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This is a simplified version of code I have that is not cleaning up in the expected order. This sample code causes an access violation at exit since a native object being wrapped is deleted before it can be unsubscribed from.

The scenario is that a C# client is creating two concrete CLI objects and storing them as interface handles. Then one concrete object is set up to store a reference to the other, again via an interface handle. This relationship is set up to provide managed wrappers around two classes where one subscribes to the other at the native level.

I would expect that e.g. object A holding a reference to object B would prevent object B from being finalized/disposed? This is not what I am observing. Is there a better way to represent the relationship so that the clean up is correct?

Native Classes:

#pragma managed(push, off)

class CNative2;

//------------------------------------------------------------------------------
class CNative1
{
public:
    CNative1(){}
    ~CNative1(){}

    void Subscribe( CNative2* pn2 )
    {
        m_pn2 = pn2;
    }

    void Unsubscribe()
    {
        m_pn2 = 0;
    }

    CNative2*   m_pn2;
};

//------------------------------------------------------------------------------
class CNative2
{
public:
    CNative2(){}
    ~CNative2()
    {
        m_pn1->Unsubscribe();
    }

    void Initialize( CNative1* pn1 )
    {
        m_pn1 = pn1;
        m_pn1->Subscribe( this );
    }

private:
    CNative1* m_pn1;
};

#pragma managed(pop)

CLI Class Library Code:

#include "Native.h"

using namespace System;

namespace CLILib 
{

    //------------------------------------------------------------------------------
    public interface class Interface1
    {
    };

    //------------------------------------------------------------------------------
    public interface class Interface2
    {
        void Initialize( Interface1^ i1 );
    };

    //------------------------------------------------------------------------------
    public ref class Class1 : Interface1
    {
    public:
        Class1()
        {
            m_pn1 = new CNative1();
        };

        ~Class1()
        {
            this->!Class1();
        }

        !Class1()
        {
            delete m_pn1;
        }

    internal:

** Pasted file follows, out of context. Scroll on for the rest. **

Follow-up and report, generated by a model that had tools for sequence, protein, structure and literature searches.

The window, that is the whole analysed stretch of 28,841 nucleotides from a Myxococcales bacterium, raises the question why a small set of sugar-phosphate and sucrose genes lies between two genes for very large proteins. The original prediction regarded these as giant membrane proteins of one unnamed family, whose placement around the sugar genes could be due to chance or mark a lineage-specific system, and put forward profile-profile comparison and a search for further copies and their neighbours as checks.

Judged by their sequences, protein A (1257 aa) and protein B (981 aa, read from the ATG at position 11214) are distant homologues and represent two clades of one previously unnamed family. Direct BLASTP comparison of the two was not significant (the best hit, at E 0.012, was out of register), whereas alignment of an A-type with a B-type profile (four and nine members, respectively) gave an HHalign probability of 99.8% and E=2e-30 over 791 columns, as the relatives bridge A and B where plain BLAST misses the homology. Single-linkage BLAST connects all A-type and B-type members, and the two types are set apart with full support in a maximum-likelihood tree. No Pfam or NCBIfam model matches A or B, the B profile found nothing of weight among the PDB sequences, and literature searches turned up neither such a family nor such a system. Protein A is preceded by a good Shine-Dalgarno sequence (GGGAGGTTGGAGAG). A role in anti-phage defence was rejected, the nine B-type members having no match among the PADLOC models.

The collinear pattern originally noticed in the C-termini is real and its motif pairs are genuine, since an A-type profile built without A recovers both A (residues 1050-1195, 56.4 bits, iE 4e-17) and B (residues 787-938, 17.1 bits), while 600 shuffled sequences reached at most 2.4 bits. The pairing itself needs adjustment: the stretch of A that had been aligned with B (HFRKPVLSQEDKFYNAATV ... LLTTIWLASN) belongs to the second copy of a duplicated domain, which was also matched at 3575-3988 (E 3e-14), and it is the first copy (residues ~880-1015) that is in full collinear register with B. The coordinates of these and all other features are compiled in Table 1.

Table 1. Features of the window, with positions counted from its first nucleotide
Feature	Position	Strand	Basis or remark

CNative1* GetNative()
        {
            return m_pn1;
        }

    private:
        CNative1*   m_pn1;
    };

    //------------------------------------------------------------------------------
    public ref class Class2 : Interface2
    {
    public:

        Class2()
        {
            m_pn2 = new CNative2();
        }

        ~Class2()
        {
            this->!Class2();
        }

        !Class2()
        {
            delete m_pn2;
        }

        virtual void Initialize( Interface1^ i1 )
        {
            m_i1 = i1;

            Class1^ c1 = safe_cast< Class1^ >( i1 );

            m_pn2->Initialize( c1->GetNative() );
        }

        Interface1^ m_i1;

    private:
        CNative2*   m_pn2;
    };
}

C# Client Code:

using CLILib;

namespace ManagedClient
{
    class Program
    {
        static void Main( string[] args )
        {
            for ( int i = 0; i < 1000000; ++i )
            {
                Interface1 i1 = new Class1();
                Interface2 i2 = new Class2();
                i2.Initialize( i1 );
            }
        }
    }
}
share|improve this question

Well, I kept working on it and resolved the issue by firing an event from the finalizer of one object to notify the other to clean up it's native object before the first finalizer completes. It feels a bit dirty doing it in the finalizer. is that bad?

// CLILib.h

#pragma once

#include "Native.h"

using namespace System;

namespace CLILib 
{
    interface class Interface2;

    //------------------------------------------------------------------------------
    public interface class Interface1
    {
    };

    //------------------------------------------------------------------------------
    public interface class Interface2
    {
        void Initialize( Interface1^ i1 );
    };

    //------------------------------------------------------------------------------
    public ref class Class1 : Interface1
    {
    public:
        Class1()
        {
            m_pn1 = new CNative1();
        };

        ~Class1()
        {
            this->!Class1();
        }

        !Class1()
        {
            OnEvent();
            delete m_pn1;
        }

        delegate void Eventhandler();
        event Eventhandler^ OnEvent; 

    internal:
        CNative1* GetNative()
        {
            return m_pn1;
        }

    private:
        Interface2^ m_hi2;
        CNative1*   m_pn1;
    };

    //------------------------------------------------------------------------------
    public ref class Class2 : Interface2
    {
    public:

        Class2()
        {
            m_pn2 = new CNative2();
        }

        ~Class2()
        {
            this->!Class2();
        }

        !Class2()
        {
        }

        virtual void Initialize( Interface1^ i1 )
        {
            m_i1 = i1;

           Class1^ c1 = safe_cast< Class1^ >( i1 );

           c1->OnEvent += gcnew Class1::Eventhandler( this, &Class2::Notify );

            m_pn2->Initialize( c1->GetNative() );
        }

        void Notify()
        {
            delete m_pn2;
            m_pn2 = nullptr;
        }

    private:
        Interface1^ m_i1;
        CNative2*   m_pn2;
    };
}
share|improve this answer

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